Mortgage stress test brings winter real estate price spike

Instead of a winter slowdown, many Ottawa real-estate agents experienced a sales spike over the past two months as homebuyers rushed to seal deals ahead of new mortgage rules that kick in Jan. 1.
The new rule puts a mortgage “stress test” on uninsured homebuyers putting more than a 20 per cent down payment on their next home. This stress test assures banks that borrowers would be able to make their mortgage payments if interest rates climb.

The numbers for December aren’t yet in, but according to the Ottawa Real Estate Board (OREB), 1,239 homes were sold this past November, a 25-per-cent increase over the same period last year. The average sale price over that period was $418,354.
“There’s no question we got a bump since it [the stress test] was announced,” said Frank Napolitano, a managing partner at Mortgage Brokers Ottawa. He pegs the increase in business at about 15 per cent. That’s unusual, he said, over the slower fall and winter months.
2nd-, 3rd-time homebuyers most affected
As of Jan. 1, 2018, all homebuyers will need to qualify at the rate negotiated as part of their mortgage contract plus two per cent, or the average five-year posted rate of 4.89 per cent — whichever is higher.
The majority of the people calling Napolitano are second- or third-time homebuyers who are worried they will no longer be able to buy the bigger property they wanted, he said.

“The people most impacted are the ones trying to go up a level. They’re going from their townhouse to their single home and are having to spend $100,000 more,” said Napolitano.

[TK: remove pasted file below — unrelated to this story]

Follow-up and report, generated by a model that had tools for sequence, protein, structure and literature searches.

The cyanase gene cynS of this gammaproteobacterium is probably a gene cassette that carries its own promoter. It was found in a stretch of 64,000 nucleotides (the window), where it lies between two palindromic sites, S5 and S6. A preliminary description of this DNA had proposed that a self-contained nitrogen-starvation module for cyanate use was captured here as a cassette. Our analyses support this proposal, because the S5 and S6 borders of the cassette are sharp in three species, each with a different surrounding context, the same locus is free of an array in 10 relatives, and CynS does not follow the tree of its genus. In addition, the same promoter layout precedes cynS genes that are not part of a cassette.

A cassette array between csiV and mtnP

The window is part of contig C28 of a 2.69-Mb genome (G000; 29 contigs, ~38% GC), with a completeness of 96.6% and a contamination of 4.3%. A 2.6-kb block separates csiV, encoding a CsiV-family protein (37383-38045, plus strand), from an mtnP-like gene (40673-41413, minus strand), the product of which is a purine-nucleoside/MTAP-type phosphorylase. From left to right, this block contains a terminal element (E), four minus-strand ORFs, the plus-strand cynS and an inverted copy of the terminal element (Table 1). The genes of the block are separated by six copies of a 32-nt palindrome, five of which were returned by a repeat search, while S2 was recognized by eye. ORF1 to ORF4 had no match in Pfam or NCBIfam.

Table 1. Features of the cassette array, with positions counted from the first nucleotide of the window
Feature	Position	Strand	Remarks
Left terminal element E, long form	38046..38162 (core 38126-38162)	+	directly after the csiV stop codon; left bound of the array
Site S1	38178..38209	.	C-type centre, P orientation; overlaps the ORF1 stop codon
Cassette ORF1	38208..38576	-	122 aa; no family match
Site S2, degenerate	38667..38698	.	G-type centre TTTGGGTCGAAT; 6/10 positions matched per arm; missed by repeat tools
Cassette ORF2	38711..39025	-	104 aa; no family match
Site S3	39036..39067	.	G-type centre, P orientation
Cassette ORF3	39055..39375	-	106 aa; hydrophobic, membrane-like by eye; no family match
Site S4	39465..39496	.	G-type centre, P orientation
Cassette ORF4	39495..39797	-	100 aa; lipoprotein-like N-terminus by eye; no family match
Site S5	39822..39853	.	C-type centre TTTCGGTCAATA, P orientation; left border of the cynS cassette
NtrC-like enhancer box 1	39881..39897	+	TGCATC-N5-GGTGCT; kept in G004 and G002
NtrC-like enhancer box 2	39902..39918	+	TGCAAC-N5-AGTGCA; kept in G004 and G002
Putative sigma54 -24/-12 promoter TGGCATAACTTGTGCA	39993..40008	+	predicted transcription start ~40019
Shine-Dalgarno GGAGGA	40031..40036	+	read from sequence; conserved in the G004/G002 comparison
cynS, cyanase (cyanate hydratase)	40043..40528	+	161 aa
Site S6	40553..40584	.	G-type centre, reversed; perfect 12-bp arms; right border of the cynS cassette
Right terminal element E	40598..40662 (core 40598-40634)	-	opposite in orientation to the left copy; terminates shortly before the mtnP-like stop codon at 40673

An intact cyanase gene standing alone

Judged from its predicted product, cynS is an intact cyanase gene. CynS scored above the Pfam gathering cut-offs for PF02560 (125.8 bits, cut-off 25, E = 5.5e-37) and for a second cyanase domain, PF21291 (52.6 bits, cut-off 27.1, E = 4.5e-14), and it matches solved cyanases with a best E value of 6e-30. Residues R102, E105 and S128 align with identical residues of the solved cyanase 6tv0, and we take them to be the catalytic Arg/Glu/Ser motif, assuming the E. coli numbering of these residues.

According to Napolitano, his brokers have been “stress testing” their customers ahead of the new rules, and found that 10 per cent of them wouldn’t pass the stricter rules.
“They’re disappointed, but feel they can work with that lower amount, but it just means they will have to give up something in their next home.”
Market expected to cool
OREB president Ralph Shaw said agents in his office were working on Boxing Day to close deals. But with tougher regulations just around the corner, he expects the local real-estate market to cool in 2018.
The average price of a home in Ottawa is around $450,000, said Shaw, but he warned the stress test will affect sales in the luxury market.

“On a $100,000 worth of income, for a normal family in Ottawa, before the changes they qualified for $725,000 with 20 per cent down. Now they only qualify for $570,000. On the higher end it’s having a dramatic impact,” said Shaw.
And while the new stress test ensures banks will get paid, the policy deters consumers from shopping around for better lending rates when they renew their mortgage, he said.
“To move from one bank to another rate, you’re going to have to qualify under the new rules, so therefore it helps the banks to [retain] their existing business without the force of competition.”
Reposted from CBC News